' of labor to organize and bargain col
lectively has been written into the
laws of the land.
The protestations of the leaders of
organizations and organized move
ments that they believe in this great
principle are not enough. It is when
we make comparison between the con
trol of the press, as it exists in those
! countries governed and controlled by
autocrats and dictators, with the free
dom of the press in democratic na
tions that we immediately learn to
place a new value unon the blessings
of freedom and liberty.
The American people should know
that all classes of people should stand
as a staunch defender of free assem
blage, free speech, free press, and
for the exercise of the right to wor
ship in accordance with the dictates
of conscience. There can be no place
in the true American home for any
group or any organisation which does
I not believe in and subscribe to these
principles and to these policies of
free speech.
All dictators are born in the dark,
they survive for a time in the
, ;hadaw*, they iapariaUy die 4a- the
The one thing tyranny can not stand
is publicity. It gags the press, stops
free expression, silences the pulpit,
censors the radio, controls the movies,
propagandises the people with half
truths which is the shadiest way of
lying there is.
The real bulwark of democracy is
not the ballot box, but the honest
newspaper. It is not good for the
country, Nor St. Louis, Missouri.
There a relatively petty court has
chastised not without malice, a great
newspaper, the St. Louis Post Dis
We are not acquainted with the de
tails, but feel certain the Post Dis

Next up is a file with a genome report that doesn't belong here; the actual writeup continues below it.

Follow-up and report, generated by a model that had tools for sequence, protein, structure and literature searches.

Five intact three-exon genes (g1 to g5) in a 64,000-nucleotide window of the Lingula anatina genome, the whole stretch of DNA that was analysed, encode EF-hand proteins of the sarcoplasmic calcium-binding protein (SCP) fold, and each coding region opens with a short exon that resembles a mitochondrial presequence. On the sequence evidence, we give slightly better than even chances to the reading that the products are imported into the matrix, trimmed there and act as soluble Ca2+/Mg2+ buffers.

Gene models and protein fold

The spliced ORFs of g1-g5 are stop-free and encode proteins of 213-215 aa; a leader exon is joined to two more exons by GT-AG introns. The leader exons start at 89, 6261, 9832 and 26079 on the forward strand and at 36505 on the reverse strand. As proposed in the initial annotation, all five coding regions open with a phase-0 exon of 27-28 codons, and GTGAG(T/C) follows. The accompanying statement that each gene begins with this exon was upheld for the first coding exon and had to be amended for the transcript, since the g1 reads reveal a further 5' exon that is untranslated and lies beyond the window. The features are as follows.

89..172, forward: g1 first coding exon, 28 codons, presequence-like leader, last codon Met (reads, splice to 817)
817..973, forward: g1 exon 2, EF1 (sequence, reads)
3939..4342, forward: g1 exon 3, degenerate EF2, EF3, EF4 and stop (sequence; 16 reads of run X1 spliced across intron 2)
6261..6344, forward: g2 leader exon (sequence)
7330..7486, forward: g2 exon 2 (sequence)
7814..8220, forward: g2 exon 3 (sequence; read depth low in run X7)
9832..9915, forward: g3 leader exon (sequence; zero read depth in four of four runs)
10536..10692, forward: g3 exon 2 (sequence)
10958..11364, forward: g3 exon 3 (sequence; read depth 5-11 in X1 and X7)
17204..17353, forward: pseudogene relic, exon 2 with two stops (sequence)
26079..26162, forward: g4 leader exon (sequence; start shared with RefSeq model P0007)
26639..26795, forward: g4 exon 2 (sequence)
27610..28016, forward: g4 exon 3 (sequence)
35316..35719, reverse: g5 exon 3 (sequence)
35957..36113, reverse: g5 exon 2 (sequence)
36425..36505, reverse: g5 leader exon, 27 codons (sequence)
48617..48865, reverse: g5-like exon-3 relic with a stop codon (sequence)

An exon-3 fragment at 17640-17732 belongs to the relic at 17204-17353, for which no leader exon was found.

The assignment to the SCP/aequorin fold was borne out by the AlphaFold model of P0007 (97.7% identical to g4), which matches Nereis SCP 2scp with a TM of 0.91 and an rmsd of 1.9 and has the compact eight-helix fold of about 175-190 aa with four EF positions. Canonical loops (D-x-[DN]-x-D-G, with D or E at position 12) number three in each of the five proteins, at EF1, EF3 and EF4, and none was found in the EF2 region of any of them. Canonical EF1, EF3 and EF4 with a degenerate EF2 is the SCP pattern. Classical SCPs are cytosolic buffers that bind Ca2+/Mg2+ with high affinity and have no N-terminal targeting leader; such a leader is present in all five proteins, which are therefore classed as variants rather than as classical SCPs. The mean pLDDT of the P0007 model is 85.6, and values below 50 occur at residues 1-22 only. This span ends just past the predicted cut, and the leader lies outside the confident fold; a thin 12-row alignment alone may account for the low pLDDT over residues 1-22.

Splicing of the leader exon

:h had justifications for its criti
i. If the Post Dispatch fails, its
appeals and its editors and cartoonists
will go to jail and fines be paid, the
vengeance of the petty court will be
satisfied, but the newspaper will be
hewed to the line as an agency oi
public trust.
If the court must stop all criticism
of its dictatorship, and the newspapei
is to be gagged by being hauledinto
court for a contempt charge, thai
means the end of the power of the
press to tell the people about the
values and evils of their courts, that
means the end of freedom of the
Labor Press
Vita] Need
The tread— of
a it teed to as by
■nut depend after all spaa tha
port Which tha raadsaa at tha
give to it. Wa aaad acavcalr
tha. mention tha farttha
■aul daily newspaper, ta say noth
iag of tha magaiiaea. 4a aat fast
called npoa ta Tipimss tha caw
•f organised labor. Sach fair
as is given this saw by that
Ikatioas is baaat spoa tha
swaraUe strength of tha
of tha labor movement
Bat we wish
fact, that if there were aa great
Mctioa of tha national pabHcatioaa
known as tha labor Press, which
gives its first and last loyalty ta
the workers of tha nation, and es
pecially ta thooa who are
of the organizations of Lnt,